Gloria Vanderbilt, one of the best-known heiresses of the 20th and 21st centuries, has died at 95 from “an advanced cancer in her stomach,” said her son journalist Anderson Cooper in video obituary posted on CNN.
Born in 1924 in Manhattan as a great granddaughter of Cornelius Vanderbilt—a railroad and shipping tycoon, and one of the richest men in history—the raven-haired beauty would become the focus of tabloid fodder, and a circus-worth of headlines due to her, wealth, looks, and famous last name. After the death of her father, she and her sizable trust fund became the subject of a custody battle between her mother and aunt—Gertrude Vanderbilt, the founder of the Whitney Museum of American Art—in what the press called the “trial of the century.”
Despite her upbringing, Vanderbilt grew beyond her surname and fortune, creating her own income across a range of creative fields. In the 1960s, she studied acting at the Art Students League of New York, leading to parts in television dramas. A decade later, Vanderbilt ventured into the fashion business, designing and marketing her own popular brand of skinny jeans.
Her thirst for talent of all kinds extended into her love life. Over her lifetime, Vanderbilt married four men, three of whom were leaders in their professions: conductor Leopold Stokowski; film director Sidney Lumet; and author Wyatt Emory Cooper, with whom she had two sons, Anderson and the late Carter Cooper. Photographer and musician Gordon Parks was her companion later in life.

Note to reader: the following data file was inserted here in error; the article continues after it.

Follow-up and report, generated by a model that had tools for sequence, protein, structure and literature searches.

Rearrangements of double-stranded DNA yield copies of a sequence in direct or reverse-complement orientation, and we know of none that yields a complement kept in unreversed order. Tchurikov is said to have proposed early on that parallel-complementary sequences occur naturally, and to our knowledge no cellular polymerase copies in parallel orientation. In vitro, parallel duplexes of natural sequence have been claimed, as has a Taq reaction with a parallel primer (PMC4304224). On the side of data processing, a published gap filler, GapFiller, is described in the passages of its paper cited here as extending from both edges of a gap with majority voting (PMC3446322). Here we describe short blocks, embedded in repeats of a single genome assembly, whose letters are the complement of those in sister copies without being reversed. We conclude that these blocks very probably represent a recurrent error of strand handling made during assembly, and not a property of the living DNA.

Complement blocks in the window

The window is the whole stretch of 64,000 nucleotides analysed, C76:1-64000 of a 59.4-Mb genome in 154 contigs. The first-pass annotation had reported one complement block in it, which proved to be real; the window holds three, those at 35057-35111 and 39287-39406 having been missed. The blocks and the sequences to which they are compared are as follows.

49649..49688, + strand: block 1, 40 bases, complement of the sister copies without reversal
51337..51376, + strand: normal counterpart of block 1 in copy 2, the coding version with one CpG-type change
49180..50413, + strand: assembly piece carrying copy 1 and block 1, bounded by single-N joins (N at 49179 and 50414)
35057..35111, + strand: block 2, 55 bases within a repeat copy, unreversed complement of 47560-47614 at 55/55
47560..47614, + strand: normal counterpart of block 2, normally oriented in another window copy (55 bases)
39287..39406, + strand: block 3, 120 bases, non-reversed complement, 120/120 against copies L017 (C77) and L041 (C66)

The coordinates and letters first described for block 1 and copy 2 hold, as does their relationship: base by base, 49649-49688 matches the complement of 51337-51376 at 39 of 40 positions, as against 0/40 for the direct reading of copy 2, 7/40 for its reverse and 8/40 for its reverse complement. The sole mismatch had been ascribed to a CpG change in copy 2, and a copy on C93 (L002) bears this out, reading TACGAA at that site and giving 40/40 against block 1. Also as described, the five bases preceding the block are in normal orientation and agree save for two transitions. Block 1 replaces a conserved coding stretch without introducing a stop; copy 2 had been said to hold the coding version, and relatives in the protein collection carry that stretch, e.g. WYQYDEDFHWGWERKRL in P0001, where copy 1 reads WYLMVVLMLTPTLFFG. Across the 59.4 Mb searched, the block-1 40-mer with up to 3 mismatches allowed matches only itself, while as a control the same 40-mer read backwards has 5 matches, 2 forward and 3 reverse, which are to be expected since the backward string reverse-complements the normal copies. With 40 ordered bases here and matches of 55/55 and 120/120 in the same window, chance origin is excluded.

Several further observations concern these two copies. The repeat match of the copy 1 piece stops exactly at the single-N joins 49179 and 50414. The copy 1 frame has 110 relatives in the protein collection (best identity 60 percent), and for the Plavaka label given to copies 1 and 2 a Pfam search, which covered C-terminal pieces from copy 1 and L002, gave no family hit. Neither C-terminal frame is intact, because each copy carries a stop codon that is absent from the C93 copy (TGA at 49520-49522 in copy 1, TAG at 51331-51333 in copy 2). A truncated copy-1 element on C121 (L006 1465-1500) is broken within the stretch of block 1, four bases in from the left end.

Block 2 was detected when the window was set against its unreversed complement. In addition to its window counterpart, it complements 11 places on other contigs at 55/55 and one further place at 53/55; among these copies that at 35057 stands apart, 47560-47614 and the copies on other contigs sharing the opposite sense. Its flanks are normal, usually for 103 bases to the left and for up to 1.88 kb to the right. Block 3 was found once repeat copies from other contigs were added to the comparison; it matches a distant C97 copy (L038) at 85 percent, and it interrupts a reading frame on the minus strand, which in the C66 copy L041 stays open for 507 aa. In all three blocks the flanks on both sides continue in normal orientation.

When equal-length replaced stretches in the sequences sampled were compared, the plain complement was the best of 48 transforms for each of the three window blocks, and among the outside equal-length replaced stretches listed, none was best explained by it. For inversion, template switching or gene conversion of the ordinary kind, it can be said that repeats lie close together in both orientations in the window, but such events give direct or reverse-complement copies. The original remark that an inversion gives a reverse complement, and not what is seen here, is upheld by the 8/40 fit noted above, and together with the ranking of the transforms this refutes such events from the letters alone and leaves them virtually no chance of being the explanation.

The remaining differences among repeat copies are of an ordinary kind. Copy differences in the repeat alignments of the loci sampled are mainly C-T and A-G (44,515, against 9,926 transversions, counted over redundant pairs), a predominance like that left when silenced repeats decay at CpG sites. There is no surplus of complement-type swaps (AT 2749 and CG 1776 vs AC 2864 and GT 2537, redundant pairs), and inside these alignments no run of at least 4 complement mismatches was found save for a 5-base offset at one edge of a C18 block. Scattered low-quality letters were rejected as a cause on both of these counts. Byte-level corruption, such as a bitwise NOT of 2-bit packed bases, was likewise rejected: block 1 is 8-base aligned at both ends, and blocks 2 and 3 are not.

At 77, Vanderbilt put her creative juices on display in a critically lauded art exhibition, “Dream Boxes,” at the Southern Vermont Arts Center in Manchester. She would follow this show up with another six years later. Most of her oeuvre is marked by a childlike approach, one that places basic figures resembling dolls into richly colored dreamscapes. Considering her past, it’s easy to see a loss of innocence—or the attempt to gain some semblance of it back—reflected in her work. There are no hints the glamorous jet-set life that she was so often linked to.
“That was her public face—the one she learned to hide behind as a child,” said Anderson Cooper. “Her private self, her real self, that was more fascinating, and more lovely than anything she showed the public.”
Photo of Gloria Vanderbilt from a 1959 acting role on The United States Steel Hour.